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#1 TI Redux

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Posted 30 July 2018 - 07:49 PM

Ganny camera picking up returns.
Here's hoping they somehow actually adapt and thrive.
Last kick at the can in our area I believe.
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#2 Ibstacle

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Posted 31 July 2018 - 05:30 PM

will they stop wasting there money stocking them at the credit as well?


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#3 TI Redux

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Posted 31 July 2018 - 09:16 PM

Hear they're installing the same camera setup the Ganny is now running, on the credit.
This will give them clear data and species identification on what's returning.
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#4 Ibstacle

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Posted 01 August 2018 - 02:01 AM

oh nice. I've been waiting for them to do this


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#5 Tacklelogic

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Posted 01 August 2018 - 04:51 PM

will they stop wasting there money stocking them at the credit as well?

 

 

oh nice. I've been waiting for them to do this

And here we go again....

 

If it wasn't for the Atlantic Salmon Stocking Program, you would not see this high tech camera on any river.  So, which do you want? The Binbrook wine company to not sponsor the majority of funding which actually paid for this camera and numerous other studies and stream rehabilitation. Oh wait a minute.... I am sure you devoted many many countless hours planting trees along shorelines, cleaned up some detrimental log jambs which were impassable, lend a helping hand placing gabion stone and clear stone to improve some spawning habitat.

 

Ironically, I'm more to believe you are the type of person who complains about ALL projects and complain about why they only lifted 150 fish up over the Mill dam in Cobourg, not 500. In fact, I wouldn't be surprised you are the type of person who would eat their Mcdonalds Big Mac, fries and a big ol fountain pop, burp as you were tossing it on the ground leaving it for the next guy to pick up your mess.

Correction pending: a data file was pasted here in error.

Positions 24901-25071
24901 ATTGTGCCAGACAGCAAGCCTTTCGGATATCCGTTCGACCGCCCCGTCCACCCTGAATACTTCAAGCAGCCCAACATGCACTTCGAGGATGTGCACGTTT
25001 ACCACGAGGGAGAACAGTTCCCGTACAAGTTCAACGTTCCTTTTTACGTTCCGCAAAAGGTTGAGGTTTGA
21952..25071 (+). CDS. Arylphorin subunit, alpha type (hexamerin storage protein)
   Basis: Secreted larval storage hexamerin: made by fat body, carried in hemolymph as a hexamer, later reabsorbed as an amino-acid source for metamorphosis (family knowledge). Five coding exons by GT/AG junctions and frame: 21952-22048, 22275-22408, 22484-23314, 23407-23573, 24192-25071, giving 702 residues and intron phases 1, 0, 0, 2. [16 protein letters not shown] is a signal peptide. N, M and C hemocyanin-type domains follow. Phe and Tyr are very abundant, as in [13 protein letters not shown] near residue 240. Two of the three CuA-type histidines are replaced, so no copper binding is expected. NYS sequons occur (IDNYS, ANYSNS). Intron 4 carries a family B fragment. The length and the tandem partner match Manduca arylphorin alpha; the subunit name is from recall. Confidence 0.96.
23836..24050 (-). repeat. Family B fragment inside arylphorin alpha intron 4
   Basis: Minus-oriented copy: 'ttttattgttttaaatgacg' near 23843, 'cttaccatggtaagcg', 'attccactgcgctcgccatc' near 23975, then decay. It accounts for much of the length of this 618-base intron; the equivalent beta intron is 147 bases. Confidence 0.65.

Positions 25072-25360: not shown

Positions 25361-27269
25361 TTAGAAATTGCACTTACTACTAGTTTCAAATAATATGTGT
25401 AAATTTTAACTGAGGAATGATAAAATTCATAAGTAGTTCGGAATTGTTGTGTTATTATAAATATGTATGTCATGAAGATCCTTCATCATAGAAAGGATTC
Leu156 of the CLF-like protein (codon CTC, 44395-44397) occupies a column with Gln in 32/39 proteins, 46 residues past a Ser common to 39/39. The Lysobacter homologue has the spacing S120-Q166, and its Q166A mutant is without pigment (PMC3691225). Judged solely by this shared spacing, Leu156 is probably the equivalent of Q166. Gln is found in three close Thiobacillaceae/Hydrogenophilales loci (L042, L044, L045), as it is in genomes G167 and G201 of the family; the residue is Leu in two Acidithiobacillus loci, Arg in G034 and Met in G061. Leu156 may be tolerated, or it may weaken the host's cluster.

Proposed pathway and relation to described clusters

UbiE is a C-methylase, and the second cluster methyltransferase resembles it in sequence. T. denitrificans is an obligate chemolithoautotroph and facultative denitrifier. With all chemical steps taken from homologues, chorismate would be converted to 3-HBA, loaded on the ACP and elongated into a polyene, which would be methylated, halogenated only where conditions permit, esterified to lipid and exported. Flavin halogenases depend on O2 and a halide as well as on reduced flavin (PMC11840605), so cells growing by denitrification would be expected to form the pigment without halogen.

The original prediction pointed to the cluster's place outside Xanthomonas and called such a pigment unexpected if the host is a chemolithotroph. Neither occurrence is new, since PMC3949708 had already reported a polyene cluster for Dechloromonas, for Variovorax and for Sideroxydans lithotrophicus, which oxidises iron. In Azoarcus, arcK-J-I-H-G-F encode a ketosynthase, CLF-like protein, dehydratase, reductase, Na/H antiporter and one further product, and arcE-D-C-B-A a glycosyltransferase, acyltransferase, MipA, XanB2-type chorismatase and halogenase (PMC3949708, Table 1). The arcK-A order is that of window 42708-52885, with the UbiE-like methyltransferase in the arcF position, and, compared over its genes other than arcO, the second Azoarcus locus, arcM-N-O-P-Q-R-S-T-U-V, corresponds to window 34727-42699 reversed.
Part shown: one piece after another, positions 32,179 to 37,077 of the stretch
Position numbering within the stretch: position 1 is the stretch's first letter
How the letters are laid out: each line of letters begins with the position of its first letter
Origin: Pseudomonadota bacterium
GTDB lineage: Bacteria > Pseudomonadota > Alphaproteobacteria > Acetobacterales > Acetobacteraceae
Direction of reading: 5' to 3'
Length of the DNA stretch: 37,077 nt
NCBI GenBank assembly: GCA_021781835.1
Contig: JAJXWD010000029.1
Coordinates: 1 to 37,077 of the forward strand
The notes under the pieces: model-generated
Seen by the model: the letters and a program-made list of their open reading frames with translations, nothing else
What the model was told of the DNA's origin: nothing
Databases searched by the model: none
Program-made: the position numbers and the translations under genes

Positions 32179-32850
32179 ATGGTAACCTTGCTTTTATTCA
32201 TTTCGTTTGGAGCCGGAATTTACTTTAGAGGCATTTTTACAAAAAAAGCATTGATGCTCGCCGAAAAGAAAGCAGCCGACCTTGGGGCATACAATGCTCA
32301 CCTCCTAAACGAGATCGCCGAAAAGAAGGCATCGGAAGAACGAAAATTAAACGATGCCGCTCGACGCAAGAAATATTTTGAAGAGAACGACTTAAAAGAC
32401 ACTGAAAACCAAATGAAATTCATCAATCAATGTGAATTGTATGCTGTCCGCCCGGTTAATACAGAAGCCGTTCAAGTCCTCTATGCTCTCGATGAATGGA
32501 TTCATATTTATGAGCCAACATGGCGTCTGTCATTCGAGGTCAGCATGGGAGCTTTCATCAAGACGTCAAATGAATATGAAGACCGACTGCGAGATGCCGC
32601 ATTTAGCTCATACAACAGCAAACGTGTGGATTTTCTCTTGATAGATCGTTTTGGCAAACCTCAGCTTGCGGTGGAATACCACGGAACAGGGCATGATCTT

Oh, I almost forgot, you are probably one of those guys who complain about yet another place being closed down due to people littering.

 

Cheers!


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#6 TI Redux

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Posted 01 August 2018 - 06:15 PM

Whoa
I was following till you went off on a tangent accusing Ibstacle of littering and eating at McDonald's.
Don't bite the hand that feeds ya theory your getting at.
True enough. But it's results that count also.
10s of millions stocked .
Returns just below the deplorable mark.
I don't think returns even amount to a full percentage point ?
Program has been less than vague with their return numbers.
I truly believe the new counter on Credit,
Once operational is going to decide the fate of future stocking there.
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#7 Ibstacle

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Posted 02 August 2018 - 02:29 AM

And here we go again....

 

If it wasn't for the Atlantic Salmon Stocking Program, you would not see this high tech camera on any river.  So, which do you want? The Binbrook wine company to not sponsor the majority of funding which actually paid for this camera and numerous other studies and stream rehabilitation. Oh wait a minute.... I am sure you devoted many many countless hours planting trees along shorelines, cleaned up some detrimental log jambs which were impassable, lend a helping hand placing gabion stone and clear stone to improve some spawning habitat.

 

Ironically, I'm more to believe you are the type of person who complains about ALL projects and complain about why they only lifted 150 fish up over the Mill dam in Cobourg, not 500. In fact, I wouldn't be surprised you are the type of person who would eat their Mcdonalds Big Mac, fries and a big ol fountain pop, burp as you were tossing it on the ground leaving it for the next guy to pick up your mess.

 

Oh, I almost forgot, you are probably one of those guys who complain about yet another place being closed down due to people littering.

 

Cheers!

 

Buddy wtf are you even saying.... stop pulling random facts out of your ass. The atlantic salmon stocking program on the credit is a waste of time and money. The river is full of small smolts (and residents) and very few adults returning. Clearly they aren't gonna make a comeback if the river isn't suitable first. I'm just saying they should put an end to this program for now and put the money towards stream rehabilitation for the brook trout and atlantic salmon